Now, if you want the Data Vault as a persistent staging area, be my guest… But remember this: I define (as does Bill Inmon) a Data Warehouse to be: time variant, non-volatile, integrated and so on… That means it really isn’t a PSA – but rather a true enterprise data warehouse with Raw Data. What you call it doesn’t matter to me, but I would argue that the label “PSA” does not do it justice, that it is in fact a full raw, accountable, EDW.

    Yes, you can mix attribute types in a dimension – however, this leads to an increase in complexity of the loading and management processes. Testing becomes harder (more test cases to be developed), and accuracy can come in to question. Moreover, as the complexity rises, the performance WILL drop.

    Thanks for the great suggestion, I will work on new posts soon.

    Cheers, Dan L

  3. Daan 2011/09/01 at 12:35 pm #

    I’m not an expert in Data Vault modelling, but if you allow purposefully incorrect data to be loaded or stored in your (enterprise) data warehouse, you allow managers to take wrong decisions. It looks to me as a very bad idea. The Data Vault theory says: business users are not allowed to query the Data Vault. My first response will be: who is paying us for building a data warehouse? Exactly, the business managers do pay us. So, the people who do pay us (often a lot of money), may not use it!? It sounds as a strange idea. I agree with Kimball that a Data Vault has a strong resemblance of an implementation of a Persistent Staging Area (PSA) or if you want a Persistent Data Store (PDS), but not an Enterprise Data Warehouse.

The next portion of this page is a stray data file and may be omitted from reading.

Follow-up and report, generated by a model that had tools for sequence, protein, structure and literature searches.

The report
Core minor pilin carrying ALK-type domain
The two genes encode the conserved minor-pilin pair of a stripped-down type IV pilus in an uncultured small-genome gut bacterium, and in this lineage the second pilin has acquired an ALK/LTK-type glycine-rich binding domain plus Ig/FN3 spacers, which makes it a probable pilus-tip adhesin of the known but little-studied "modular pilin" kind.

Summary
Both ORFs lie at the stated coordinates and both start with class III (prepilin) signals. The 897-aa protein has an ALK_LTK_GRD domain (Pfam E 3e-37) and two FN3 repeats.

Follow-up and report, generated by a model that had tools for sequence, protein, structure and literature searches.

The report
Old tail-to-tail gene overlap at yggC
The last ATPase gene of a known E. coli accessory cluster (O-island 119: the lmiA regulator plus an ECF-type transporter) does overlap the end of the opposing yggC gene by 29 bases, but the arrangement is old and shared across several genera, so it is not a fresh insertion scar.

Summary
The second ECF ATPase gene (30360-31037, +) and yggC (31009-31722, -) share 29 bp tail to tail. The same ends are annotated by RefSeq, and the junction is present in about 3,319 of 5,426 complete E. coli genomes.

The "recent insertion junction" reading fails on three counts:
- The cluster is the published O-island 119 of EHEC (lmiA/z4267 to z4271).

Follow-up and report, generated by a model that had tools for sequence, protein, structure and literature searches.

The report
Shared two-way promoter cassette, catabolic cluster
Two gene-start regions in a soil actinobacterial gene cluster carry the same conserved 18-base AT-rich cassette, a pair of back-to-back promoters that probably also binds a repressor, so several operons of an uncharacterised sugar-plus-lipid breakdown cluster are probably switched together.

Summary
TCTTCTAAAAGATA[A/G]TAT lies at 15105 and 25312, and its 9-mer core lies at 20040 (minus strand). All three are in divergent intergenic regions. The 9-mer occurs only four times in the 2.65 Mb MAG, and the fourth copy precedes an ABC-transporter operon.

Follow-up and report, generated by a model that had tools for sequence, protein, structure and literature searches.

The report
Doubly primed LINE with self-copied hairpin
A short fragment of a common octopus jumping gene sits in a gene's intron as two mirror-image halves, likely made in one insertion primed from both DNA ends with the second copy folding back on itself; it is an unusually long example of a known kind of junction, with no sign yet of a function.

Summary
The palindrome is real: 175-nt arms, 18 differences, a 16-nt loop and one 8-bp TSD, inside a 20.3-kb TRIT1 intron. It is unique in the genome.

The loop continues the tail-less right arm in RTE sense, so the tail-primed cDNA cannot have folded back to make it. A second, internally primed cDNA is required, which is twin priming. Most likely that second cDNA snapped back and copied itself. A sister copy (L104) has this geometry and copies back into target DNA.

Maybe people will argue, in the Data Vault architecture there are data marts on top of the Data Vault and business users can query the data marts. But, to fill each data mart with meaningful and correct data business users understand and can trust, you must every time apply the same business rules (because many data marts consist of multiple tables with a different level of granularity about the same subject, representing the same indicators). That is in my view not the way to go. It’s bad for performance and it means that business rules are scattered across the load process of the data marts. Data marts should in my view just aggregate the (transformed) data and nothing more. Okay, maybe to calculate some additional measures where data is needed from more than one fact table.

    I understand that a data vault can be a good solution (there are cheaper alternatives) when it comes to traceability and auditability, but not as a modelling technique for an (enterprise) data warehouse. I’m also curious if there is some research available exploring the costs and benefits of Data Vaults compared to Kimball’s approach.

  4. dlinstedt 2011/09/01 at 1:31 pm #

    [but if you allow purposefully incorrect data to be loaded or stored in your (enterprise) data warehouse, you allow managers to take wrong decisions]

    Clearly I need to define the value of bad-data, not just from an auditability perspective but also from a perspective of Gap analysis, and cleaning up the business. Thank-you for this insight, I will create more blog entries to define this space, and why “good, bad and ugly” data are all needed to make better business decisions.

    [The Data Vault theory says: business users are not allowed to query the Data Vault. My first response will be: who is paying us for building a data warehouse?]

    Ok I disagree with what you say: I believe they aren’t paying us to build a data warehouse, they are paying us to build a Business Intelligence Solution (hopefully lending return on investment). A Business intelligence solution offers more than just the data warehouse – it also includes the ability to find & fix data quality problems, business process problems, as well as provide better information for business decision making. The full solution INCLUDES a data warehouse component in order to store historical data. The business wants & needs BOTH the ability to audit the data sets, AND to make better business decisions. If the business did not need both, then the industry would have stuck with “star schema dimensional analysis” that did not include historical data sets from a warehousing perspective.